Students for Liberation editorial was inaccurate

Students+for+Liberation+editorial+was+inaccurate

Rachel Wallen

Students for Liberation recently published an editorial on the online publication The Pub explaining the issues they had with the Old Gold & Black’s coverage of their Columbus Day protest. I would like to respond to many of the claims made in their editorial and defend the Old Gold & Black’s reporting on this protest.

The editor who wrote this story took it upon himself to ensure that this event was covered. When he could not find a staff writer to cover the event, he decided to cover it himself, even though he had to skip class to do so.

He prioritized this protest because he believed it to be an extremely important event, and despite this, he was verbally attacked by the protestors even while he was covering the protest. The Students for Liberation seem to think the Old Gold & Black went out of our way to intentionally smear their name and undermine their protest, when in reality nothing could be further from the truth.

The editorial first took issue with the specific naming of Valerie Holmes as present the event, saying that that fact associates the Students for Liberation with “unmanageable delinquency.” In fact, to avoid portraying the Students for Liberation this way, the Old Gold & Black declined to include the fact that two police officers were also present at the event. Other administrators were there, but Valerie Holmes was the highest ranking and most notable of the group. To not include her would have been to explicitly ignore an important fact of the story.

The editorial also took issue with the statement that “there is some disagreement as to what the organization itself stands for.” Many organizations have differences of opinion as to their goals and ideals.

To imply that different students involved with Students for Liberation have different goals does not paint them as “unmanageable, unorganized, rebel-rousers,” as the editorial claims.

A group that fit those characteristics would not have been able to hold a successful protest in the first place, as the Students for Liberation were clearly able to do. The article included many positive comments about the Students for Liberation and the work they are accomplishing on campus.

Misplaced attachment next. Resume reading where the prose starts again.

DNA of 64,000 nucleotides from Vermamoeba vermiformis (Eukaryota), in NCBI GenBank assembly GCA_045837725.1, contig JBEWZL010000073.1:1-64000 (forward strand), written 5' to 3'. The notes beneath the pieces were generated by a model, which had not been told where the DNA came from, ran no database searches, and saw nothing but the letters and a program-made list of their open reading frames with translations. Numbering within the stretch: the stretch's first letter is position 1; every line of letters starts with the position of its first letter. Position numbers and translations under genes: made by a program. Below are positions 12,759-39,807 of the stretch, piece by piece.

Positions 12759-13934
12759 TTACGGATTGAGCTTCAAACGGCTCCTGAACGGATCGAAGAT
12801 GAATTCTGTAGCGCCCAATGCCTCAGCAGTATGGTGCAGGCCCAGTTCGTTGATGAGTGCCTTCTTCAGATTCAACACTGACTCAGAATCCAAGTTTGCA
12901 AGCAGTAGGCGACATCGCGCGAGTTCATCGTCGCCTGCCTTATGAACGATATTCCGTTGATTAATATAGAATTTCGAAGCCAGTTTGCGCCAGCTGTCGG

Charles-Anthony Athanasopoulos is quoted more than anyone else in the article, discussing the issues with Columbus Day and the way celebrating Columbus “normalizes our culture to celebrate genocide,” which is exactly what the Students of Liberation claimed to be protesting in their own editorial.

The Old Gold & Black article also discussed how leaders of Students for Liberation are meeting with Michele Gillespie to talk about curriculum changes, as well as the food and clothing drive organized by Students for Liberation, which placed donation boxes around campus to invite students to participate. The inclusion of all of these things contributes to a balanced portrayal of the members of Students for Liberation as Wake Forest Forest students who care deeply about the issues facing the university community and are taking action to confront them.

As for the claim that the article gives more attention to a dog than to issues of privilege, I would point out first that the protest itself was not exactly about privilege. The issue of privilege may have been relevant to the topic at hand, but if an article attempted to include every issue that was in any way relevant to its topic, it would become a dissertation.

Second, I would point to the paragraph discussing “the university’s and society’s glorification of Columbus and the oppression of indigenous peoples,” a quote from Savanah Baber that discusses systematic oppression of indigenous people and two quotes from Athansopoulos referring to “disenfranchised communities” and “the larger issues of inequality at Wake Forest Forest” to show that the major issues the protest was addressing were sufficiently covered and discussed in members of Students for Liberation’s own words.

Finally, the inclusion of the comments made by members of Students for Liberation towards another group of students, as well as the inclusion of the perspective of one of those students, is exactly what makes an article unbiased. Were the article to contain only the Students for Liberation’s point of view and perspective on this issue, it would be a public relations piece, not a news article.

The Old Gold & Black is not in the business of public relations. We will continue to publish stories that include multiple perspectives from different students on the issues facing our campus.

As the editorial says, “The responsibility of a newspaper is to disseminate information to the public as it occurs without bias. The people are endowed with the right to formulate their own opinion autonomously.”

There are no factual errors in the reporting of this protest, and by including perspectives other than those of the Students for Liberation, we have presented both sides of this protest to the student body and trust that they will formulate their own opinions accordingly.